|Review: The Princess and the Frog|
Contributed by: mandalorian30
The Princess and the Frog is Disney’s triumphant return to classic animation. Right off the bat, I was immediately sure I was going to see this film, and I was excited about doing so. I have long been a fan of Disney’s animated films, and was a tad upset several years back when they announced that they would strictly be using CGI animation for all of their future movies. While I understood that computer animation was the “future” of the business, I always felt as though Uncle Walt might be a tad upset that his classic style of making cartoons was pretty much being tossed aside.
But does the return to classic animation immediately make for a good film? I’ll admit I wasn’t sure after seeing the previews for this one that the story itself was going to hold up. I began seeing claims such as “Best Disney film since The Lion King,” and started to get worried that this was getting hyped up to be too big, and all it would do was disappoint. So, I went into the movie with a strange mixture of excitement and fear.
The story is actually a new and unique twist on the classic “The Frog Prince” story. It takes place in Louisiana, sometime around the late 1800's or early 1900's. A young girl named Tiana hopes to one day fulfill her father’s dream by opening up a fancy restaurant. The problem is that she’s a bit poor, and a work-a-holic. She spends her time working multiple jobs in order to try to save the money she needs to make a down payment on a building for her restaurant. In the meantime, we are introduced to Prince Naveen, who is visiting Louisiana after his parents basically disowned him and cut off his fortune. The plan is to find a wealthy girl to marry so that he can have riches again. He’s, of course, a ladies’ man and has never worked a day in his life. So, he’s quite the opposite of Tiana.
After meeting The Shadow Man, a voodoo witchdoctor who is working an elaborate plot to steal for himself the money of the wealthiest family in town, has cast an evil spell to turn Prince Naveen into a frog. Naveen eventually runs into Tiana, and after the shock of meeting a talking frog, she is convinced to attempt kissing him to turn him human again. But since Tiana is not actually a princess, she as well is turned into a frog, and the adventure of the film beings. From here you get your typical Disney journey, where the two characters who have quite opposite personalities must find a way to turn human again, while meeting an assortment of fun characters along the way who join them in their quest. And of course, the two begin to liken up to each other, and eventually find that they are falling in love. Its cliché, yes, but the story is just laid out so well and really gives you that “Disney” feel, which is the one thing I was worried the film may not capture.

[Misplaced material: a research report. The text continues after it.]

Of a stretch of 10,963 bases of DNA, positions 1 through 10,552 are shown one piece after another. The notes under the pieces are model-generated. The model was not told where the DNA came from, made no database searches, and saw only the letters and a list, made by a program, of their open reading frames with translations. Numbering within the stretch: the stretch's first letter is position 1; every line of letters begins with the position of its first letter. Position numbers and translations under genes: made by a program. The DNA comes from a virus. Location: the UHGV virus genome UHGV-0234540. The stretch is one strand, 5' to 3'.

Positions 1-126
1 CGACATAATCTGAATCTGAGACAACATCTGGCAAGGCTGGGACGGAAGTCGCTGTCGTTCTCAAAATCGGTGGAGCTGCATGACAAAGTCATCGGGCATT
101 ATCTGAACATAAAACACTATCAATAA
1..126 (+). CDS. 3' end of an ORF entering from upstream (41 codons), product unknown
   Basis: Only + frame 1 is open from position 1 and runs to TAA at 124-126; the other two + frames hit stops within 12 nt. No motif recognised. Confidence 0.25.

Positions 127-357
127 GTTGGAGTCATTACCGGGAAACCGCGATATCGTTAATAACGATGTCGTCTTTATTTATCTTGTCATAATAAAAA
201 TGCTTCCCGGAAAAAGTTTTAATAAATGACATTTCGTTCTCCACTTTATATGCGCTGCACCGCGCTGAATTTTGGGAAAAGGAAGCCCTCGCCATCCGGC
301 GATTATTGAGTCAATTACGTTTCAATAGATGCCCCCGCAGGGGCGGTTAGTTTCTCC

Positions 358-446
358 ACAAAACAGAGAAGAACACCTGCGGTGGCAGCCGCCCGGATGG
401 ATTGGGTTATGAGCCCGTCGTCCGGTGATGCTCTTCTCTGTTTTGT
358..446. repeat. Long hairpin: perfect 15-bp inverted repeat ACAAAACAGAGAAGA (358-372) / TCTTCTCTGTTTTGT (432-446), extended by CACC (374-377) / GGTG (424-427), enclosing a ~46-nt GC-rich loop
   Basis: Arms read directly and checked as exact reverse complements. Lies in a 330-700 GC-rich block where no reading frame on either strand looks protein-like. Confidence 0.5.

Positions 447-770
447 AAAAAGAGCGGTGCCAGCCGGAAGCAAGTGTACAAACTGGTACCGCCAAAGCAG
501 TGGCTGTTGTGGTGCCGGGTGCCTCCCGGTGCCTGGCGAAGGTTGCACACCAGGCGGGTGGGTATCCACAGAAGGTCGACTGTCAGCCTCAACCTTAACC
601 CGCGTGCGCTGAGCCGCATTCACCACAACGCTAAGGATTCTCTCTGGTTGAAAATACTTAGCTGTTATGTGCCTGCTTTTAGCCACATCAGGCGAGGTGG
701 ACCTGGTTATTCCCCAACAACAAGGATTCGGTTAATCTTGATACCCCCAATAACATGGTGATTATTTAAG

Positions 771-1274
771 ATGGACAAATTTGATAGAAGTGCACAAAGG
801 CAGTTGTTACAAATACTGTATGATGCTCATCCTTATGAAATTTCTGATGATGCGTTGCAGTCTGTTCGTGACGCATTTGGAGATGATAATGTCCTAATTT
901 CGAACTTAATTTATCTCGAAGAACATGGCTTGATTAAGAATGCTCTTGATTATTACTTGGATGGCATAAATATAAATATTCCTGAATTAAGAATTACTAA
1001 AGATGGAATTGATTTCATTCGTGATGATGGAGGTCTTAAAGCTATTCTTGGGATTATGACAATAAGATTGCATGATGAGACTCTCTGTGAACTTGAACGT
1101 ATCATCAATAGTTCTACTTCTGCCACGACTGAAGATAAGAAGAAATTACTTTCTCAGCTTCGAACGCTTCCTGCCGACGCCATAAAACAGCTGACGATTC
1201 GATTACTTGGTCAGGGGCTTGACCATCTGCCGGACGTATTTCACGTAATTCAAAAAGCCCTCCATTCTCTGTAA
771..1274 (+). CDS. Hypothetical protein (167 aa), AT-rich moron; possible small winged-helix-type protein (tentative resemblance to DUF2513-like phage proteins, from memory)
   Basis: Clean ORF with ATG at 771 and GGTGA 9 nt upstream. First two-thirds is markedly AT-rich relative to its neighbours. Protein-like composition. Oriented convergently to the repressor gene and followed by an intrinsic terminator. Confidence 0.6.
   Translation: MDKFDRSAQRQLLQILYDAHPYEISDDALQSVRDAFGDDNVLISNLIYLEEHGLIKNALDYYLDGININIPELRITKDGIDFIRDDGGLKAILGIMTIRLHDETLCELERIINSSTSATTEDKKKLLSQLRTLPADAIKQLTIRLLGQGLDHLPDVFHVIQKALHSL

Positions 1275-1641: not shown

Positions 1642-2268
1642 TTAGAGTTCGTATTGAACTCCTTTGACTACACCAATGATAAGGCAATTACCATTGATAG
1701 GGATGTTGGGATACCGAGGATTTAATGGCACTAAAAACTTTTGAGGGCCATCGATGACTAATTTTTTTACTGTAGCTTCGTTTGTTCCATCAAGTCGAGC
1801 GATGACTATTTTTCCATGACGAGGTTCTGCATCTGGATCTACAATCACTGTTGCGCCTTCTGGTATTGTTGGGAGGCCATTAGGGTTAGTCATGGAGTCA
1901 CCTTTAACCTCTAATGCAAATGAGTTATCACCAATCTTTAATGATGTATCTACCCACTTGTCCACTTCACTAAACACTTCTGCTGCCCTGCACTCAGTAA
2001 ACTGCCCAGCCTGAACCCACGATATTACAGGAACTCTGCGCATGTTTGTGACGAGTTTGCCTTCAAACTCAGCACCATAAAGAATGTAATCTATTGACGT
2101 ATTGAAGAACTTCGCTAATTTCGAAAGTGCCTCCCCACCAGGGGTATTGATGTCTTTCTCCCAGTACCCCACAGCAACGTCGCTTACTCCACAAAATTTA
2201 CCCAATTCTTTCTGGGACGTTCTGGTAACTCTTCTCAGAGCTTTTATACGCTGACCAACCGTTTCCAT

The animation is incredibly beautiful, and really is refreshing to see. The story, as stated, is well written and plays out wonderfully. The music, while not as catchy or memorable as some from past Disney films is still good and fits right in with that Louisiana Mardi Gras feel of the movie. And the Shadow Man has all the makings of those incredibly cool Disney villains. He wasn’t a bumbling idiot. He was serious, sinister, and even a bit scary at times, and I really liked that.
The Princess and the Frog is overall an incredibly enjoyable experience. If you are a fan of Disney’s animated films, this one will feel like home to you. It’s exactly the type of “classic” we remember watching while growing up. And your children will absolutely adore Tiana and all of her new friends.
Well done, Disney. Walt would be proud.